No such apps have yet been announced in the United States, but Gov. Gavin Newsom of California said Friday that state officials have been in touch with the companies as they look ahead at how to reopen and lift stay-at-home orders.
"We were on the phone just this morning, for example, with Apple," he said at a news conference.
Privacy and civil liberties activists have warned that the apps need to be designed so governments cannot abuse them to track their citizens. Apple and Google said in a rare joint announcement that user privacy and security are baked into the design of their plan.
The technology might serve as a stopgap until there is widespread testing for the novel coronavirus, which in the U.S. remains limited after production problems and limited federal coordination of the tests' production and distribution.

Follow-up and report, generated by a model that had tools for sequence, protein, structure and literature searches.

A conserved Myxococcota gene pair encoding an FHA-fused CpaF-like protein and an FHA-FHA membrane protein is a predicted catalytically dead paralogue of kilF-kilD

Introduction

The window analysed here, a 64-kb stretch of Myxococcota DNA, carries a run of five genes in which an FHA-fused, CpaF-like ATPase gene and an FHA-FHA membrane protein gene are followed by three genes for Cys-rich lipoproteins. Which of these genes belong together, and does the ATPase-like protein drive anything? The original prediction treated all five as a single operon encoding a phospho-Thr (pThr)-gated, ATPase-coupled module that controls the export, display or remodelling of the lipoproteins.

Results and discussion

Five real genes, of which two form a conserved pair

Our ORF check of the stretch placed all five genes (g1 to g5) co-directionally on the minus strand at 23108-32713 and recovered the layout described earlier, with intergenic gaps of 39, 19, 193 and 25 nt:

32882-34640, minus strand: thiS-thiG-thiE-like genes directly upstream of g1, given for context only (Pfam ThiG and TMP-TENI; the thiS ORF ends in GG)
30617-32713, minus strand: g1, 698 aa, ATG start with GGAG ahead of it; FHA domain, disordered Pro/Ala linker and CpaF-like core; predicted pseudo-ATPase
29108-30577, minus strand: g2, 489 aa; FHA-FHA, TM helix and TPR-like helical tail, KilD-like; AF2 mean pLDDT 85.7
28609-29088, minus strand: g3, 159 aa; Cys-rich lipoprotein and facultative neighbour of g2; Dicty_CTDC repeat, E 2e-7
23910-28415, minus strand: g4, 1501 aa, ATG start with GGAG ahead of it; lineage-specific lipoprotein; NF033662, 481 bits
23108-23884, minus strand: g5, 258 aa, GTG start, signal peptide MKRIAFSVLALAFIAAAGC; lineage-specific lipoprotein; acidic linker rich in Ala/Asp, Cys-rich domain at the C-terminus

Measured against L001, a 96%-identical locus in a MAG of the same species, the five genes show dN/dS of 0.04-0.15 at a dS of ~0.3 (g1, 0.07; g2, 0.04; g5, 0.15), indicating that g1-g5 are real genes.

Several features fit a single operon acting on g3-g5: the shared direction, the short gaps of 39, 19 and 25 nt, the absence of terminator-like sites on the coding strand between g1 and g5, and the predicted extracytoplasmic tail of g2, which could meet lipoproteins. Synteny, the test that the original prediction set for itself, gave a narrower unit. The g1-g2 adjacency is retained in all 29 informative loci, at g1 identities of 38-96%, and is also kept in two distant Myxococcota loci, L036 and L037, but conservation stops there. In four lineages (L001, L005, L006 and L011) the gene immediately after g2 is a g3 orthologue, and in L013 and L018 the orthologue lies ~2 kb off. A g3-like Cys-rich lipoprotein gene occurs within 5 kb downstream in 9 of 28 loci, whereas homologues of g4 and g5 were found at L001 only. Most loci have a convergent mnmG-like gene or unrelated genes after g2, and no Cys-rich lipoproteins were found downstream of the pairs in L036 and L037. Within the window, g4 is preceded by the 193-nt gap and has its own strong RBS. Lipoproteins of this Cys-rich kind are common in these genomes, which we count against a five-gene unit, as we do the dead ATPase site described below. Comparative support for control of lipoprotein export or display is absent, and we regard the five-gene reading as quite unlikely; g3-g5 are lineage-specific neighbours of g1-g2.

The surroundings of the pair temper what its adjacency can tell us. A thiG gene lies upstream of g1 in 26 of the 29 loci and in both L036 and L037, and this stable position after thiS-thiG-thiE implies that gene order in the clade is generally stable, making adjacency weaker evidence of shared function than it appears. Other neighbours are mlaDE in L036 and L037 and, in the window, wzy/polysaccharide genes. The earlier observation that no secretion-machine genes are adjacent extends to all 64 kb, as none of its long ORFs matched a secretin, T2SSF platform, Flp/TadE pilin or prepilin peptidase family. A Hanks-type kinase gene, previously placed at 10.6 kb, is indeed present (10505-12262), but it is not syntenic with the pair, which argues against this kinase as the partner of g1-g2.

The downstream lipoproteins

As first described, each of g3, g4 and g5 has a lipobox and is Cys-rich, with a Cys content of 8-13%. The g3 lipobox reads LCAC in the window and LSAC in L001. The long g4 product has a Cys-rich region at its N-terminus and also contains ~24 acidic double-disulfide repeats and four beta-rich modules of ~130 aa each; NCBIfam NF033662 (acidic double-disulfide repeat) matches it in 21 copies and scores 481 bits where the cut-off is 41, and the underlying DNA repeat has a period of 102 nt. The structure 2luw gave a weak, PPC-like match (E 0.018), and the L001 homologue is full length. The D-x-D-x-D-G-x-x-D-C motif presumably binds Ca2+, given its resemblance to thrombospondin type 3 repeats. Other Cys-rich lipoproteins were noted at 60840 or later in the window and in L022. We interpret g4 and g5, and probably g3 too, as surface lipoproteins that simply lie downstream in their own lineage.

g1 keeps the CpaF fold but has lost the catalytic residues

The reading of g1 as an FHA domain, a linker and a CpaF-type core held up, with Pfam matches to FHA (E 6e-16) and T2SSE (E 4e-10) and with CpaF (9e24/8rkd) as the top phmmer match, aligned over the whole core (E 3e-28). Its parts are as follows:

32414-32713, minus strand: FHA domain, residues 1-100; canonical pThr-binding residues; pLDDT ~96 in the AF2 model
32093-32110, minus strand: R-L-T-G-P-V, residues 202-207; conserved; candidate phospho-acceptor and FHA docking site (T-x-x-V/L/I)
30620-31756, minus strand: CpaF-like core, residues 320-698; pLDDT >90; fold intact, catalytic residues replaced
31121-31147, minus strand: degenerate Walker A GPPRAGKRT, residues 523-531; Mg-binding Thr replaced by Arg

"It's not a replacement for just having widespread testing, which would be more accurate," said Tiffany Li, a visiting law professor at Boston University who studies privacy and technology. "But clearly we have a huge shortage of tests."
Bluetooth signal tracking, as Google and Apple plan to use it, can protect privacy far better than other options such as GPS or cell-tower based location data, which allow centralized authorities access to the information.
But Li noted it could still lead to numerous mistaken alerts — for instance, if someone were in full protective gear or in an adjacent apartment while physically close to an infected person.
Pam Dixon, executive director of the World Privacy Forum, said a conversation with Apple's senior director for global privacy, Jane Horvath, assured her that the initiative will protect people's privacy.